by Melissa Wilson
2016 was the year of virtual cat and mouse amongst major social media players. Platforms such as Snapchat, Instagram and Facebook appropriated, raced and downright copied features from each other in a further push towards instant, live and on-demand video content. The year provided the most competitive market yet for developers vying for the increasingly short attention span of users. In 2016 we shared more, became more connected and more entertained.
After their announcement in late 2015, Facebook rolled out their ‘reactions’ feature globally. Reactions allow users to express ‘love’, ‘haha’, ‘wow’, ‘sad’ and ‘angry’ reactions alongside the original ‘like’ feature. We won’t hold our breaths for a ‘dislike’ button.
Twitter releases ‘improved Timeline’
Twitter joined the likes of Facebook in early 2016 by releasing their ‘improved timeline’. The algorithm based feature aims to show users more of what they’re likely to care about.
Instagram enables multiple accounts
Social media managers the world over rejoiced in unison on February 8 when Instagram rolled out its multiple account feature. Gone were the days of logging in and out of accounts with the app instead allowing users to access and flick between an earth-shattering five accounts at a time.
Snapchat offers customisable geofilters
Users fell in love with geofilters in 2015 and in February Snapchat released customisable event based geofilters. For a small fee, any person with an account can create their own geofilter for a holiday or event and assign it to a specific location. Given that the platform is minimal on ads, this was seen as a creative and tactful way for the company to generate revenue from users.
In early 2016, Instagram announced they were replacing their reverse chronological style feed in favour of one dictated by an algorithm. Despite being designed to show users more content ‘they care about most’, outcry amongst dedicated users ensued, alongside a widespread request to ‘turn on notifications’.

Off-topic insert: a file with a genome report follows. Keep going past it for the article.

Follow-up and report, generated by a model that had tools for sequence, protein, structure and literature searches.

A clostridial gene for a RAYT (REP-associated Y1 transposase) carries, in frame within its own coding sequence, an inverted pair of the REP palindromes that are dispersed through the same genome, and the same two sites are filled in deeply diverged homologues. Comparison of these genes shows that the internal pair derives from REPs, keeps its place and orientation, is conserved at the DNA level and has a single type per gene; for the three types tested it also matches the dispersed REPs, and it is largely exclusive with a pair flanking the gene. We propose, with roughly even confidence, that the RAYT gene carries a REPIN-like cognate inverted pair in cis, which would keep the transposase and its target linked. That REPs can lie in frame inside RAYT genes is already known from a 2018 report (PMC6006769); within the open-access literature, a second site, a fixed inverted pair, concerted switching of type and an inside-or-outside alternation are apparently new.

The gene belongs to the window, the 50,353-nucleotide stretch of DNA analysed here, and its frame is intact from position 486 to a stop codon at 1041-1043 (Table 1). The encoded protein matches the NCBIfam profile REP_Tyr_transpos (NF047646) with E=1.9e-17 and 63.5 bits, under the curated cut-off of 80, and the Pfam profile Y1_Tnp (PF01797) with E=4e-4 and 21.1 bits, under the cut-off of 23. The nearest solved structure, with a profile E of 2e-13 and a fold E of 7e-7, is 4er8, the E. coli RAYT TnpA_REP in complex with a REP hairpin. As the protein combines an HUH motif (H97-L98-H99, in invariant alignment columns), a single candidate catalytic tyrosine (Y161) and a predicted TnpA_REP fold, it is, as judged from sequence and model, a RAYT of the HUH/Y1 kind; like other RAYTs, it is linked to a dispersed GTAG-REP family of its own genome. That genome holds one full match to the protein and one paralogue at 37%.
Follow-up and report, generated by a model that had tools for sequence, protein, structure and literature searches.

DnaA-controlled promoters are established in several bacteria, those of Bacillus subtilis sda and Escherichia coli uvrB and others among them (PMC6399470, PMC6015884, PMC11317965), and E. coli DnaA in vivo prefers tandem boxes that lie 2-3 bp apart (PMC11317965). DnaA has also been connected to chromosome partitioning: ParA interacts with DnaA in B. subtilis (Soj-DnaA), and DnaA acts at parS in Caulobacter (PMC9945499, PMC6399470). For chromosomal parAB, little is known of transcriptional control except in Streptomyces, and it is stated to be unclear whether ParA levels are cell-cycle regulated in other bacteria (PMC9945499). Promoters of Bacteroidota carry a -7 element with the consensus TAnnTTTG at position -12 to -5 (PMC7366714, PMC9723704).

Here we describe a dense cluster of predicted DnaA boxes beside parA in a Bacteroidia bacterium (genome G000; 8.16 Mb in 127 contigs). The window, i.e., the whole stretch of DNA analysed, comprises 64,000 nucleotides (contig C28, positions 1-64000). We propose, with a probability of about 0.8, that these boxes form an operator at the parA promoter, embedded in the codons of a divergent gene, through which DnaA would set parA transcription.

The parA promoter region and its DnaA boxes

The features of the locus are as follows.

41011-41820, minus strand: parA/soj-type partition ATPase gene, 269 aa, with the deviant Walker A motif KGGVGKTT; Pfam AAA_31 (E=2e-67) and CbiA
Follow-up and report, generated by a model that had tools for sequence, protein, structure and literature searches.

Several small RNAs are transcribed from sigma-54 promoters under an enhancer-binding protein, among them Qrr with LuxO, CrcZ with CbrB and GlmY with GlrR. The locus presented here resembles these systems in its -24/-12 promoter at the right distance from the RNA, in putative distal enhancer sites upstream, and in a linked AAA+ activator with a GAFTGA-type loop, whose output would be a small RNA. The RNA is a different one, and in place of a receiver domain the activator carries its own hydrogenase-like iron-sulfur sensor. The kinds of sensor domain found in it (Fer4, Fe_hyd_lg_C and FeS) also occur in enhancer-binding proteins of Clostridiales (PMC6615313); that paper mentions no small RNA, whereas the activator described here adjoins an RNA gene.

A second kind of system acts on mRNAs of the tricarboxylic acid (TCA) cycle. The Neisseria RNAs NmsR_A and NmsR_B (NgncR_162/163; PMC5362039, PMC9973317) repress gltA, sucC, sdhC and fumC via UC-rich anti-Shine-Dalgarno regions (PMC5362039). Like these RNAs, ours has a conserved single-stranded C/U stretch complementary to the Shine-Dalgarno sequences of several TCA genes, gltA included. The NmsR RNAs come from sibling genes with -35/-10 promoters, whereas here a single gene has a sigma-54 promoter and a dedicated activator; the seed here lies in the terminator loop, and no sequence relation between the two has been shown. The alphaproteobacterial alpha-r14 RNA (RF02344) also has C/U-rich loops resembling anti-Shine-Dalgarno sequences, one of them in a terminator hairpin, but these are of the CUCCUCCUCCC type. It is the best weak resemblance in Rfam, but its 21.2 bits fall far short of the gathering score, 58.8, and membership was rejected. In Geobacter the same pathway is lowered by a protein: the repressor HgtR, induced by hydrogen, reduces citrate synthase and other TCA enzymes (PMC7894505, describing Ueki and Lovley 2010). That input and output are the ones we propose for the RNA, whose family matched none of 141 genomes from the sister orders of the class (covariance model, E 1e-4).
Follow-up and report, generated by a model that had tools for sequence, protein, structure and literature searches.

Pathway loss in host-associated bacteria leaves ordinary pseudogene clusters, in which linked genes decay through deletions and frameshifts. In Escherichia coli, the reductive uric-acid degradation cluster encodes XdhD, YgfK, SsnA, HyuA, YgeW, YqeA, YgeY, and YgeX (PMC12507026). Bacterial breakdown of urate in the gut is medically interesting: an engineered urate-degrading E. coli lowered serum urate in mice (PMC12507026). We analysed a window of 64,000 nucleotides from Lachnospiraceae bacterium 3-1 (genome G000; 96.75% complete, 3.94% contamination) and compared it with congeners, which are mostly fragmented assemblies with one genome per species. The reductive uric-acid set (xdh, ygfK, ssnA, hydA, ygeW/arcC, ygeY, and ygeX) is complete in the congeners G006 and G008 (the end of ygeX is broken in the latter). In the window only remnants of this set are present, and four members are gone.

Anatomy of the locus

Longer video for Instagram
At the end of March, Instagram announced it was beginning to roll out 60-second video capability. A huge jump from their previous 15-second limit, they also reintroduced the ability for iOS users to make videos out of multiple clips from their camera roll.
Facebook launches Instant Articles
In an effort to make the user experience faster and more seamless, Facebook released Instant Articles. Launching on mobile, the feature allows content to be published natively to Facebook resulting in faster load times, lessened abandonment rates, video auto-play and tap-to-zoom image galleries.
Facebook Live goes …live
Facebook Live was made available to all users in April. Designed to connect people, pages and public figures to their audience in real time, Facebook Live signalled a new era in connectedness through social media.
New Instagram look and feel
Instagram revealed their new logo and app appearance in May. While the new bright gradient style app logo left some scratching their heads, the improved app layout and design was well received by users.
Facebook 360 photo
Panorama photos were given a new life when Facebook released their 360 feature in June. Users can now simply upload a panorama photo taken on their smartphone, which is automatically transformed into a fully immersive photo on the app.
Instagram introduces ‘see translation’ tool
Presumably in a bid to further the connectedness of people using the app across the world, Instagram took after Facebook in releasing an in built language translation tool for captions, comments and profile bios.
Pokémon GO released
The virtual reality game instantly developed a cult following its release in July. The app was applauded for its unique reliance on varied geographical locations to catch Pokémon and battle at gyms, therefore requiring players to physically move around in order to play the game.
Instagram introduces ‘stories’ feature